Final Fantasy XIII is all about synergy. Instead of focusing on which individual moves you’re going to use to win a battle, the trick to fighting in FFXIII is to have a party whose paradigm roles, weapons, accessories and abilities are going to compliment one another in order for them to win. In Final Fantasy XIII you don’t so much take on the role of the individual fighters as much as that of a strategist who delivers orders about HOW your characters should fight, rather than explicitly WHAT they should do. This is probably the central thing that throws off new players, and results in a lot of hatred for the game, along with the most cited grievance, the game’s incredible linearity.

Final Fantasy XIII is not quite as linear as it’s critics would have you believe, because they aren’t really looking at the game in context. I am something of a Final Fantasy XIII apologist because I think that if only a few important tweaks had been made to the game, it would have come out much better. People complain about meandering down endless corridors, but they aren’t realizing that exploring wide open areas isn’t really the POINT in Final Fantasy XIII. The point of the game is to experience the story, and the areas you move through are a vehicle for the story. Even the battles themselves are incredibly cinematic, the characters seem to be doing a lot of the battling on their own while the camera sweeps around them, and you as the player can’t spend that much time worrying about which actions your party leader is taking because you need to make sure you have a Medic to take care of any low-HP wimps on your team (if I’m just pulling a name out of thin air, let’s say, oh I dunno, Hope), or keeping an eye on your enemies chain gauge and making sure that you have a Commando or Saboteur to stabilize it so you don’t lose all your hard work in chaining.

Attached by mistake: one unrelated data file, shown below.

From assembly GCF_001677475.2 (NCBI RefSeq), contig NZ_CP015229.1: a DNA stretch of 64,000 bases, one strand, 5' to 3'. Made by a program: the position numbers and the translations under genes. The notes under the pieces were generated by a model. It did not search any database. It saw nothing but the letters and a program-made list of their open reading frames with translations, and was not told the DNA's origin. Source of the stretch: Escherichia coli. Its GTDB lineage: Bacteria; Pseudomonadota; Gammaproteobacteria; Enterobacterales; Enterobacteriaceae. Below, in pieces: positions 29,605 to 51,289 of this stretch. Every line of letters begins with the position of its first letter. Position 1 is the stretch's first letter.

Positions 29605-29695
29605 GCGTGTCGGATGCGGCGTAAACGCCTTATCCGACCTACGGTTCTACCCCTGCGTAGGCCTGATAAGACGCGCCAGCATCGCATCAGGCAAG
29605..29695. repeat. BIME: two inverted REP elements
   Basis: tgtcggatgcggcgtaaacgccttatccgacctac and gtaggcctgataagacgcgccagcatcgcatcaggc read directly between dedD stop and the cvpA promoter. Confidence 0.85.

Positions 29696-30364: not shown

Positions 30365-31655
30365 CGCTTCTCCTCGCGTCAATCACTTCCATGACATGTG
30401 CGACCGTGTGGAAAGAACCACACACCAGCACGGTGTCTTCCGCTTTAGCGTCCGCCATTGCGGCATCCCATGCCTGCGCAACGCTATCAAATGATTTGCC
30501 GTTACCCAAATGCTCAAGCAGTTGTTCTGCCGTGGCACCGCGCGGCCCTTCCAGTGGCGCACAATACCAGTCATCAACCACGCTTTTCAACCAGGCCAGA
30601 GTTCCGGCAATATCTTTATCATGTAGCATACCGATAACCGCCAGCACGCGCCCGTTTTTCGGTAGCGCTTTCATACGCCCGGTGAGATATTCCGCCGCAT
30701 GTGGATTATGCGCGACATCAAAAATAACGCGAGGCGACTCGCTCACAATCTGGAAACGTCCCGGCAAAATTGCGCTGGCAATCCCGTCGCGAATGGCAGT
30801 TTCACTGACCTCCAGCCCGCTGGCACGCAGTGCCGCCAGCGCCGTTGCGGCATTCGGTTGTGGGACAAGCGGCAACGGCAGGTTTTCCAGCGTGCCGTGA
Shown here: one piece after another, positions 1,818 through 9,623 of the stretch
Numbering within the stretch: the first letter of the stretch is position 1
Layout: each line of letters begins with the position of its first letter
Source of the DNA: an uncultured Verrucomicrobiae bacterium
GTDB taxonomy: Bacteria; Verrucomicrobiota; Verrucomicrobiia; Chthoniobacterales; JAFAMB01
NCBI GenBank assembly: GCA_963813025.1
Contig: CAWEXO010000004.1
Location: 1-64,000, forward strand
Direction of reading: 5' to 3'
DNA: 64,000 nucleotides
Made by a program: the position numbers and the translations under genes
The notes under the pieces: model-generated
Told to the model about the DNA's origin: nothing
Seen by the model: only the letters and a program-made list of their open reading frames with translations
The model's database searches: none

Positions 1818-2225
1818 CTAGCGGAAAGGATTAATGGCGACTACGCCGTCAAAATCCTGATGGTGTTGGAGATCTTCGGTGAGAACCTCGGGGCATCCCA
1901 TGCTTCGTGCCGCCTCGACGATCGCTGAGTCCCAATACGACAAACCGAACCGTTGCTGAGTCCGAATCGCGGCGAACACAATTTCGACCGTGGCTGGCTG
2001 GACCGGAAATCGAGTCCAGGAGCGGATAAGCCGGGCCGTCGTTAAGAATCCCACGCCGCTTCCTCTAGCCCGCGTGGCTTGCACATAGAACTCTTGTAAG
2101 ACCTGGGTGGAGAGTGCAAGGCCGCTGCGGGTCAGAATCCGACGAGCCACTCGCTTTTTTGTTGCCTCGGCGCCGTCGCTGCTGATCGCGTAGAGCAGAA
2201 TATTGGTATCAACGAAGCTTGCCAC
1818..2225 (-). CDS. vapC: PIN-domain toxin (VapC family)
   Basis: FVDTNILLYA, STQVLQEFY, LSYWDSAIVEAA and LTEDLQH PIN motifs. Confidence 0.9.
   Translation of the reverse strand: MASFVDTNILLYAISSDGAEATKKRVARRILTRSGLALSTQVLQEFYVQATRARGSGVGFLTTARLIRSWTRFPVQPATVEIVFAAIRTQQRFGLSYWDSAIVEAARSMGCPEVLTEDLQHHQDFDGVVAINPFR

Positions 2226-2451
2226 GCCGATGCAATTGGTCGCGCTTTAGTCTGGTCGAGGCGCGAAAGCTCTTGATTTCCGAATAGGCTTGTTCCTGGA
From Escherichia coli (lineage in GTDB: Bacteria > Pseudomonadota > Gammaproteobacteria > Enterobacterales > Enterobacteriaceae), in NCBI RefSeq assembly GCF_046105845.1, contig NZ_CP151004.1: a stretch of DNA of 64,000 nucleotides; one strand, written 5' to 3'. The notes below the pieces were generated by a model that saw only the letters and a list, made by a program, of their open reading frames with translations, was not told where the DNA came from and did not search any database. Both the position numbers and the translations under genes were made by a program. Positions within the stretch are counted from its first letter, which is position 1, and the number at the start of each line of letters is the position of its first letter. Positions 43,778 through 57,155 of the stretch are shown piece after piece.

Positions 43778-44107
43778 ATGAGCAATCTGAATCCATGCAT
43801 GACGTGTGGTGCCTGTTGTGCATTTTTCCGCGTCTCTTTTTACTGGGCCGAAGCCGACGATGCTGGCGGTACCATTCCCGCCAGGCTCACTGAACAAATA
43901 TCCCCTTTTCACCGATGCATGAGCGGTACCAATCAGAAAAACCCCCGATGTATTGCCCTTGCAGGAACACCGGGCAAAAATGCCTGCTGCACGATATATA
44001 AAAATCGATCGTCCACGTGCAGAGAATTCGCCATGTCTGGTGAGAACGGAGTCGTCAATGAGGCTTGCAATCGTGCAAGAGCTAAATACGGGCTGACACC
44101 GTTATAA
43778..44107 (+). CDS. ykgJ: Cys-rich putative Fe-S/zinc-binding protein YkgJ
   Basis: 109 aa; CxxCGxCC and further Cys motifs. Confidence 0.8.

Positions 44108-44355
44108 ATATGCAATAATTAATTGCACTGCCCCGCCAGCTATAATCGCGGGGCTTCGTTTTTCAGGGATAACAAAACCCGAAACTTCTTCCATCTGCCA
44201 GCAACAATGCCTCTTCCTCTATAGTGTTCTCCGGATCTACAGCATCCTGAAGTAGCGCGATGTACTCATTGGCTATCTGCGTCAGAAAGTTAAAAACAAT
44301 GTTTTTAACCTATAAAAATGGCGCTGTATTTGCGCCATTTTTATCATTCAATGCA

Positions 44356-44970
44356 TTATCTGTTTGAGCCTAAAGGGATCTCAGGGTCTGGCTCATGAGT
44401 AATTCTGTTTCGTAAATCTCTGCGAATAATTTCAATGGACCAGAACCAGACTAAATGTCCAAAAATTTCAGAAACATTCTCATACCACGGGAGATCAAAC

At any rate, each character has versatility, and each character can be put to more than one use. Some characters, like Lightning, are so versatile that they end up in a sort of jack-of-all-trades, master-of-none category (although luckily this can be corrected with stat boosting items; I usually have my Lightning set up to be just as strong or stronger than heavy hitters like Fang), while others ought to be used for their intended purpose, like Fang, who is so built for physical attacks that the only reason she’s any good as a Ravager is that the majority of her attacks will be elemental strikes instead of spells. Hope can be a decent saboteur but he’ll never work as a Commando (and yes, I’ve tried. Long story short, you can give him all the attack power in the world but that won’t make his slow boomerang strikes and inability to Launch any less of a hindrance).

Basically my point is that there’s always a way to make every party work, somehow. What I originally intended to was to write up a full “character guide,” identifying each character’s strengths and weaknesses, and my recommendations for how to use them. I got as far as Sazh and Snow, but never really finished, and right now I’m in a tactical RPG phase so FFXIII has had some time to recuperate from my relentless playthroughs. So, it is with this in mind that I present to you my character guides for my favorite and least favorite Final Fantasy XIII party members, Sazh and Snow.